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Normal Sinus Rhythm With Aberrantly-Conducted PACs

Dawn's picture
Tue, 04/02/2013 - 22:00 -- Dawn

This is a normal 12-Lead ECG with two PACs that are aberrantly conducted in a right bundle branch block pattern. (Sixth and ninth beats). In the PACs, the QRS is slightly wider than the normal beats.  The aberrantly-conducted beats have an rsR' pattern in V1, and a wide little S wave in aVL. No PACs are seen in Lead I to demonstrate the wide S wave.  This represents a right bundle branch block pattern, which is a common form of aberrancy, and is rate-related.  That is, the PAC occurs early in the cycle, catching the right bundle branch is a refractory state and unable to depolarize.  Slower beats are easily acommodated by the right bundle branch.

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Comments's picture

Perhaps the most helpful lesson learned from review of this tracing is the manner in which use of all 12-leads on an ECG may prove invaluable to arrhythmia diagnosis.

As per Dawn - there are 2 premature beats (PACs) seen in the long lead II rhythm strip at the bottom of the tracing (beats #6 and #9). That said - I would not have been certain these are PACs if the only information I had was this lead II rhythm strip. Baseline ST-T wave morphology varies somewhat among the normal sinus beats - and in lead II there is NOT a convincing premature P wave preceding beats #6 and 9. Although there is a resemblance of QRS morphology for beats #6 and 9 compared to the other beats on this tracing - a beat should always be assumed "guilty" (ie, a PVC) until proven otherwise - and there is no convincing evidence in favor of aberrant conduction in this lead II ....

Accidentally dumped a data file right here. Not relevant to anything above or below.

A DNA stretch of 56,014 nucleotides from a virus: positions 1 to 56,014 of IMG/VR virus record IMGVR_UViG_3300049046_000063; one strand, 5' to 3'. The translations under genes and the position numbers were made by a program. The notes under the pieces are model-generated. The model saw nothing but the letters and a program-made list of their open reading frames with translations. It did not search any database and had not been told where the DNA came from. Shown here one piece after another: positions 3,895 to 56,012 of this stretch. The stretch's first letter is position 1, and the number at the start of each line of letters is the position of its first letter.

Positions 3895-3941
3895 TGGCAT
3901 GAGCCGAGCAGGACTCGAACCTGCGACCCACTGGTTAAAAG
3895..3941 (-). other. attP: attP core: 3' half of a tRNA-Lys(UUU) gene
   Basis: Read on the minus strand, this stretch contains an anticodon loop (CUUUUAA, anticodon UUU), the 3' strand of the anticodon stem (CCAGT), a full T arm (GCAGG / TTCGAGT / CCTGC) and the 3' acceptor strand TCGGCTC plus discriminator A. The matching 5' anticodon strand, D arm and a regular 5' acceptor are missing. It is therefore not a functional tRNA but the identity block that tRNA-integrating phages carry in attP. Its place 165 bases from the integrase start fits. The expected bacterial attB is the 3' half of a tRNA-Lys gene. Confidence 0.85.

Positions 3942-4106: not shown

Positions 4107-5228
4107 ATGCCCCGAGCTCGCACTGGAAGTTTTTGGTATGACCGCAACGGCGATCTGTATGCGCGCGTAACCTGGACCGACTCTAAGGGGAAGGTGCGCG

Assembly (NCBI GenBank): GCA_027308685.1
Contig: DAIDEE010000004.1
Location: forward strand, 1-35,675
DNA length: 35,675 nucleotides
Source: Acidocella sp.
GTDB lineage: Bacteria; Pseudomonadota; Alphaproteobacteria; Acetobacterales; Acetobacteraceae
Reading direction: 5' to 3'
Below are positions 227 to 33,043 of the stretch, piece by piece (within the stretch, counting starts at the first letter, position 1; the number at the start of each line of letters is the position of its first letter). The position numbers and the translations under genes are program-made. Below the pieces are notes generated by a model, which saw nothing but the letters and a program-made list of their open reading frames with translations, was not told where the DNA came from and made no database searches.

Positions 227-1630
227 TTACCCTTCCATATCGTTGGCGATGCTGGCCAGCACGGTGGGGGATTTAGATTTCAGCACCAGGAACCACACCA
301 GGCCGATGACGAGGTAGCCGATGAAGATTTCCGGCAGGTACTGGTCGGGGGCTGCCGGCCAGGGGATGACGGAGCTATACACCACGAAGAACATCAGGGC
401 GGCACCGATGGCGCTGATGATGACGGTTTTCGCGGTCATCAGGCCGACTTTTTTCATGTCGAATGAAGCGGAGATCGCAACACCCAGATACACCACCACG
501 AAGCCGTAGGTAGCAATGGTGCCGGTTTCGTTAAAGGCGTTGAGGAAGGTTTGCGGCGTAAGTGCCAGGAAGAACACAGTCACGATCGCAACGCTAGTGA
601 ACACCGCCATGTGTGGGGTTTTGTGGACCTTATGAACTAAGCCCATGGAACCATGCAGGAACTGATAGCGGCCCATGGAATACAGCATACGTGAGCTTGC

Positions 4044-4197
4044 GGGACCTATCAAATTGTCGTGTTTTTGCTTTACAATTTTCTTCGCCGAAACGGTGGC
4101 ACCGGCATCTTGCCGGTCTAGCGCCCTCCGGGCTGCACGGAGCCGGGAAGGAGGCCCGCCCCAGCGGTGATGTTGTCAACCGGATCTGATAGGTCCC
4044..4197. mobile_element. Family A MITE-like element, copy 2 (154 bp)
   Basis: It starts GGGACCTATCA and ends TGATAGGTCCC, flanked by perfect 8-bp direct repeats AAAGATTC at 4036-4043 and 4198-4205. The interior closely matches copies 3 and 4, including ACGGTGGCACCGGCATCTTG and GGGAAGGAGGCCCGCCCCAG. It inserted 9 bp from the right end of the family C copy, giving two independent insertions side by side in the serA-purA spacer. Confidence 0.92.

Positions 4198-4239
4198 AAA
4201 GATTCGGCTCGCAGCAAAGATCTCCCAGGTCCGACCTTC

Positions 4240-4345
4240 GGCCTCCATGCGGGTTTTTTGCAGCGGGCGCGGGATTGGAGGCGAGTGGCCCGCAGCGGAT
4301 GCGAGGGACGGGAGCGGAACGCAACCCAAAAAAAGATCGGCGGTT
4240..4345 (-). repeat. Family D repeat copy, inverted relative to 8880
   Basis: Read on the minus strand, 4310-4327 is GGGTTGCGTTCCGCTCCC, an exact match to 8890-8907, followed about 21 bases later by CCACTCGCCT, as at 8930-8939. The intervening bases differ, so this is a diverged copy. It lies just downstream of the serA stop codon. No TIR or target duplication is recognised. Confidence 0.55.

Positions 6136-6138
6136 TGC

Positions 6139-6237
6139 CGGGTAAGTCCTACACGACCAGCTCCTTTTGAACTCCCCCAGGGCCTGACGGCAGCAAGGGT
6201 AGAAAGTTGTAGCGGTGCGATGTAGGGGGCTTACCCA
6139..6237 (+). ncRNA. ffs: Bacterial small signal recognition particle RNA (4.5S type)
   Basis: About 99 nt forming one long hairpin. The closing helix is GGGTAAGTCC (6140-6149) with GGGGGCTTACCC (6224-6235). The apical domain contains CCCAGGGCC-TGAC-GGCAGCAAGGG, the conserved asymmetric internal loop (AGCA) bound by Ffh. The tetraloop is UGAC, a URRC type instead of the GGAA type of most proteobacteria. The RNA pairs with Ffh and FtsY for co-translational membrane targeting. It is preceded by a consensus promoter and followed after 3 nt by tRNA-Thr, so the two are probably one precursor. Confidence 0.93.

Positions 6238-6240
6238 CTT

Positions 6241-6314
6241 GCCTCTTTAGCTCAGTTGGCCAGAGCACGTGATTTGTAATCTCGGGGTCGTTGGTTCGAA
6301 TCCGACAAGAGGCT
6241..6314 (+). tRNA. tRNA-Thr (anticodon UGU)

On the other hand - Using the 12-lead ECG:

  • Simultaneously occurring leads aVR, aVL and aVF all show pronouncement in the T wave preceding the early beat compared to the T wave of the sinus beat in these leads.
  • We clearly see a notch in the T wave preceding beat #9 in lead V2 - which unmistakenly is a PAC.
  • QRS morphology in lead V1 is "classic" for RBBB aberration (the 9th beat manifests an rSR' with similar initial deflection, S wave descending below the baseline, and taller right rabbit ear R' ).
  • Consistent with RBBB aberration - is the wide terminal S wave in lead aVL for the 6th beat.

The above evidence from the simultaneously recorded 12-lead overwhelmingly supports a diagnosis of PACs with RBBB-aberration for early beats #6 and #9.

Ken Grauer, MD   [email protected] 

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